She understood the concepts, but did not agree with all the terms according her theory. First, she believed that the term “person” did not embrace the human as a whole. A person was also defined by their community, family and groups. Health needed to be aligned as a state of wellbeing while being aligned with cultural beliefs. ”. “Nursing” was to be replaced by care. Leininger stated often that “there could no curing without caring, but caring can exist without curing. ” Environment was not clearly defined in her theory, but her worldview concept illustrates her ideas to her audience perfectly. Armed with all of the above information – the outlining of diversity issues in healthcare followed by the changes that have been already implemented in many healthcare facilities in the past few decades to address these issues, the involvement of the Department of Health and Human Services – one can clearly see that the idea of “cultural competency” in the healthcare industry has truly been recognized and tremendous changes have already been implemented in order to close the disparity gap.
Cultural competency is only going to continue to improve and with that improvement the care and treatment of all patients along with the training and attitudes of the nurses tending to them will be enhanced along the way. Better care and better nursing will be beneficial to both the caretaker and the cared for. Cultural competency as it continues to grow and expand will enhance the quality of care for all populations and like so many other changes in nursing the ideas implemented will become accepted and as routine as taking the blood pressure of a atient. “In 1985, the United States Department of Health and Human Services (HHS) released a landmark report documenting the existence of health disparities for minorities in the United States. It called such disparities, “an affront both to our ideals and to the ongoing genius of American medicine. ” In the decades since the release of that report much has changed in our society—including significant improvements in health and health services throughout the nation.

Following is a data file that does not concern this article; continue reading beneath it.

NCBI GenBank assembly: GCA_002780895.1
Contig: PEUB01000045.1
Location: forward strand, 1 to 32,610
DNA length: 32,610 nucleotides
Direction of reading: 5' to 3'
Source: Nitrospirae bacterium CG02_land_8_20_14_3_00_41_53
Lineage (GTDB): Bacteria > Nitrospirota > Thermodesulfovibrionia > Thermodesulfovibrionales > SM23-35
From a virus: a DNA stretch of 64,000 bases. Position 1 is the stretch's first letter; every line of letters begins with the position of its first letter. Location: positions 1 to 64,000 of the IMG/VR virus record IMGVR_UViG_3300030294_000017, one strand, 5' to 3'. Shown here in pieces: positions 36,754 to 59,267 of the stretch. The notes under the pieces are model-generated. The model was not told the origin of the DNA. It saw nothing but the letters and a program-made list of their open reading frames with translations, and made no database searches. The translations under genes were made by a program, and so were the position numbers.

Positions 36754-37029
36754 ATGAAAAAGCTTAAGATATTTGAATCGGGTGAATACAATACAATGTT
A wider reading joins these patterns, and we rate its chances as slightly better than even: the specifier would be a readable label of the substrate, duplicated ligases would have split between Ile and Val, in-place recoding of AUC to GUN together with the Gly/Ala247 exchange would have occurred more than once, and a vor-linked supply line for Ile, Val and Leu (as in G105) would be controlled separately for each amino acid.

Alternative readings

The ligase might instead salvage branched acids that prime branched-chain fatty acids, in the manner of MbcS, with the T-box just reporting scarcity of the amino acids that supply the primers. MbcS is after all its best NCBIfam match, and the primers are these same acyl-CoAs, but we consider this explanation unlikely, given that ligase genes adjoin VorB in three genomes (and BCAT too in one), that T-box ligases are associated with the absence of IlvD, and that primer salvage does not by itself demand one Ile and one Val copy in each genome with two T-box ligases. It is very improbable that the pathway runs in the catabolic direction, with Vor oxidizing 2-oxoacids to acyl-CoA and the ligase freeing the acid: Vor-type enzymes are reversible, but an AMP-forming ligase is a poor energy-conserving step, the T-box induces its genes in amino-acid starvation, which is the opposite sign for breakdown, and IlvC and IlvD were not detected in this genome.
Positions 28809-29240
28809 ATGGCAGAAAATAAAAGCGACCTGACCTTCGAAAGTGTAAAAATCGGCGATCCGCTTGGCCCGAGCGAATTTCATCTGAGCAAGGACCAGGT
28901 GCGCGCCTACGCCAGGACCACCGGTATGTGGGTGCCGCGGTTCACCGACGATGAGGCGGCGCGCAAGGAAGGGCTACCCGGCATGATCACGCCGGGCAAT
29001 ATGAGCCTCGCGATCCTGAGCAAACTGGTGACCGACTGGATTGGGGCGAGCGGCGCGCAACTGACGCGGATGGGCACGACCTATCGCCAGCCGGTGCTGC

Nevertheless, health and healthcare disparities continue to exist and, in some cases, the gap continues to grow for racial and ethnic minorities, the poor, and other at-risk populations. Beyond the heavy burden that health disparities represent for the individuals affected, there are additional social and financial burdens borne by the country as a whole. These burdens constitute both ethical and practical mandates to reduce health disparities and achieve health equity”.
Therefore, despite the strides that have been made in an effort to close the disparity gap between those who speak a foreign language, those who have and cannot afford health insurance, those who have cultural differences in areas of religion, personal beliefs etc. , there is still so much more to be achieved in order to ensure competent health care availability for every single man, woman and child who steps through the doors of an Emergency Department, a health clinic, an urgent care center and/or a Doctor’s office seeking medical treatment.
One thing I personally have learned through the field of Emergency Medicine is that almost every person who comes into an ER is there because they believe that they have a medical emergency. Not understanding their language or their culture is no longer an acceptable excuse for poor or non-delivery of emergency services. So just as “the times they were a changing” in 1963 for Bob Dylan, the time of disparity in healthcare has reached its peak and can no longer be tolerated or allowed no matter the cost to healthcare providers or to federal and local governments.
The responsibility to shoulder any burden for fair and competent healthcare rests on all. Medical care providers can no longer simply be there when the Haitians, the Italians or the Japanese suffer from an earthquake or when a Tsunami hits the Thais, or even when Hurricane Sandy wreaks havoc and destruction along the American Coastline – we need to be there 24/7, ready, willing and most importantly able to protect lives – young and old, rich or poor, American or immigrant – living p to the all-important modern day version of the Hippocratic Oath as outlined in The Declaration of Geneva which clearly states:I solemnly pledge to consecrate my life to the service of humanity; and I will not permit considerations of religion, nationality, race, party politics or social standing to intervene between my duty and my patient.